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Rich and Co.

Social Media and Affluent – More Data Needed

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Social Networks Appealing To Affluents by Jack Loechner, Wednesday, May 25, 2011

According to a February 2011 Affluence Collaborative survey, reported recently by EMarketer:

  • Wealthy internet users connect with brands on social networks for significantly different reasons than the general population.
  • The social networks they use to do so are different, too.

Among the general population:

  • The main reason cited for connecting with brands on social networks was to receive deals and discounts.
  • This was a much lower priority for the wealthy.
  • Their top reasons for following brands were due to a preexisting affinity for and a desire to be kept informed about the brand,
  • Suggesting that social media marketers still need to provide fans with value, even if it isn’t directly in the form of a coupon or sale.

Brand Following On Social Networks (% of Respondents in Each Income Group)

Reason for Following

Affluents ($200K-5000K)

Affluents (>$500K)

General Population

Deals or discounts

39.4%

29.0%

44.3%

Love the brand

39.7

52.3

36.9

Keep up with brand news

31.3

34.8

27.5

Someone else following

22.2

31.0

18.8

Social network recommendation

21.2

33.5

16.1

Print/TV/Online ad

25.9

31.0

14.8

Mentioned in article

22.6

23.9

12.8

Professional interest

18.9

15.5

10.7

Tweets/posts

3.4

7.7

9.4

Source: The Affluence Collaborative, NowResearch, EMarketer, April, 2011

A huge component of liking a brand on Facebook was due not just to an affinity, but as a means of self-expression for others to see.

Affluents, in their “love of the brands” they connect with, are largely acting as brand ambassadors, says the report.

Affluent members of Gen Y (ages 19 to 33), in a Think Tank survey, cited promotions and offers as the main reason for engaging with brands on social media. However, the survey included those who were “projected to earn $100,000 in the next two years,” meaning the respondents were more aspiring than actually affluent. The second biggest motivator was still an affinity for the brand.

Gen Y Affluent Internet Users Engage Brands Using Social Media (% of Respondents)

Reason to Engage

Female

Male

Want to receive promotions/offers

38%

28%

Have affinity for brand/product

26

24

Like content

15

10

Don’t usually engage using social media

20

37

Source: L2 Think Tank/EMarketer, Dec, 2010 (Respondents earning over $100K)

Data from the Affluence Collaborative study revealed that the affluent aren’t using the same social networks as the general population.

  • Facebook was the No.1 social network used by all groups surveyed (However, the 5 of FB users that are affluent or older is very low.)
  • LinkedIn and Twitter attracted affluent internet users at nearly double the rate of the general population.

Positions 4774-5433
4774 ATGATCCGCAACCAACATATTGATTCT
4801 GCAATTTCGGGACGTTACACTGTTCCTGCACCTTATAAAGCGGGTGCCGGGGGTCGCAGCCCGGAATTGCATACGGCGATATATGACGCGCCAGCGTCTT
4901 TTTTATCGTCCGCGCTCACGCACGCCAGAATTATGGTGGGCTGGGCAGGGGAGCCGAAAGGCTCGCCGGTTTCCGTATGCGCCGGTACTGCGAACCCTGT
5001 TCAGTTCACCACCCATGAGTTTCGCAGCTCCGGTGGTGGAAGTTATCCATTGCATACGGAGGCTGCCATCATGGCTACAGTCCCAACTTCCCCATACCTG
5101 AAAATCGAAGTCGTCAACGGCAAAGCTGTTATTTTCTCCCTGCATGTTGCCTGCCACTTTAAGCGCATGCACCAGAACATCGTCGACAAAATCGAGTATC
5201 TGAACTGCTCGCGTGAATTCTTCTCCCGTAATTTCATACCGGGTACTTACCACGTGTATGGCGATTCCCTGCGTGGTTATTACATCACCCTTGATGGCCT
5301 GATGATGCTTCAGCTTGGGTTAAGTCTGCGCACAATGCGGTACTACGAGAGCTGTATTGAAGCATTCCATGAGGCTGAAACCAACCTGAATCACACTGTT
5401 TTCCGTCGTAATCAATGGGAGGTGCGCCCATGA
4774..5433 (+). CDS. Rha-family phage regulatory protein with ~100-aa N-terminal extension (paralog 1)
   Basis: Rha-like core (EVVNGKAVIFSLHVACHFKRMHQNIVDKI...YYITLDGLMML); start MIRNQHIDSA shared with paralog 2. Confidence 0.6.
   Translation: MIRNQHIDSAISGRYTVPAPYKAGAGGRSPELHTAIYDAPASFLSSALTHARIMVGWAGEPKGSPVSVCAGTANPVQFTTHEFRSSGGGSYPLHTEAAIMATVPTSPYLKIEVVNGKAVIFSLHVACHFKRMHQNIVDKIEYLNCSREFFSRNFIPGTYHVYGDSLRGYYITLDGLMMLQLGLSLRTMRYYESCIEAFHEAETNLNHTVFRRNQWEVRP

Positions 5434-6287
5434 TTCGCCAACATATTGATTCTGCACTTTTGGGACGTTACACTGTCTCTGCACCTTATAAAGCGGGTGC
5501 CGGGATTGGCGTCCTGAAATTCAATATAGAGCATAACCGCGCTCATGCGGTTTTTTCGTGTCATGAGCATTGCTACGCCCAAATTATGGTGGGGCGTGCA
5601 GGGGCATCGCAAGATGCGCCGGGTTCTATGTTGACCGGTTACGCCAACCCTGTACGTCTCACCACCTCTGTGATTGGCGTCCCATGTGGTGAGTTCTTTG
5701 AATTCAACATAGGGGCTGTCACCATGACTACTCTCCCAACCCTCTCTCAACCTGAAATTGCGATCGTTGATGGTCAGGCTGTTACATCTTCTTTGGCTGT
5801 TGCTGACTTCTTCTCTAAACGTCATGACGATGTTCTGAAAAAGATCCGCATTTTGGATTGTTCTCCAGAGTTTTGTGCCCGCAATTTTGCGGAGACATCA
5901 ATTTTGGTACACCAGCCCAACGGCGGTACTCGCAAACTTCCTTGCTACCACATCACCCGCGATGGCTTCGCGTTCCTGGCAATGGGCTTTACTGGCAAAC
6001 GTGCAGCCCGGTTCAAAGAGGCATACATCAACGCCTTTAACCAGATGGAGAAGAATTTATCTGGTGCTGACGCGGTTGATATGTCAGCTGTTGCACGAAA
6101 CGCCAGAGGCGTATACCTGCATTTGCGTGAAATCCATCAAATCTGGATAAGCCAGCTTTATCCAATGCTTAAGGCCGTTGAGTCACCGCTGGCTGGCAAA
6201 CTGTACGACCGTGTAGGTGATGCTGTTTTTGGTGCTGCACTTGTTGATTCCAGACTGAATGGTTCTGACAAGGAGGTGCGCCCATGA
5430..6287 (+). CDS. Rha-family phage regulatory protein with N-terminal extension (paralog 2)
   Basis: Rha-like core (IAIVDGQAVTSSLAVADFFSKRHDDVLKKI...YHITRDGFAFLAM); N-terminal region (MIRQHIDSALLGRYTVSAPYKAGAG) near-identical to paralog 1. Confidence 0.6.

Social Networks Used by US Affluent (% Respondents in Group)

Social Network

Affluents ($200-500K)

Affluents (>$500K)

General Population

Facebook

68.0%

72.0%

71.0%

Myspace

17.8

31.5

24.5

LinkdIn

42.3

40.5

21.5

Twitter

22.8

36.0

14.0

Meetup

6.0

13.5

3.0

None of above

22.5

19.0

22.0

Source: Source: The Affluence Collaborative, NowResearch, EMarketer, April, 2011

The EMarketer report concludes that, for wealthy internet users, connecting with a brand is largely about the brand itself, not gimmicks and offers. Affluents need to see a consistent message that makes following a brand meaningful for self-expression, just like when buying a brand in real life.

And, a study from the Luxe Groupe of Range Online Media, addresses the search and purchase paths of 400 luxury and prestige brands in the previous two years, showing that search marketing and online channels remained a key factor in allowing affluent consumers to connect with their preferred luxury brands.

Key findings from the study include:

  • Affluent shoppers continued searching online for luxury products throughout the economic downturn, and are displaying significantly increased interest in luxury brands versus the previous year.
  • The affluent purchase path is showing definitive signs of shortening, with 88% of total purchases occurring within three clicks in 2010. This reflects a 17% increase in “short-term” conversions versus 2009. During the height of the economic downturn even affluent consumers appeared to be “bargain hunting” online, but as the economy has begun to rebound, consumers appear to be comparison shopping less and buying more.
  • Affluent consumers have shown an upward trend in the amount of money they are spending on luxury goods online, resulting in an 8.1% increase in revenue for luxury brands in 2010 In comparison, compared to the National Retail Federation’s overall retail category reporting just 4.6% YOY growth.
  • Customers are spending more per transaction on luxury goods than the previous year. This trend is continuing into 2010, in sharp contrast to many industry experts, who predicted that customers would never again be willing to buy full priced luxury goods.

The report concludes that “…this research signals that affluent consumers are already shifting their behavior to purchase at a higher price point…

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Written by Rich and Co.

June 7, 2011 at 11:49 pm

Posted in Social Media

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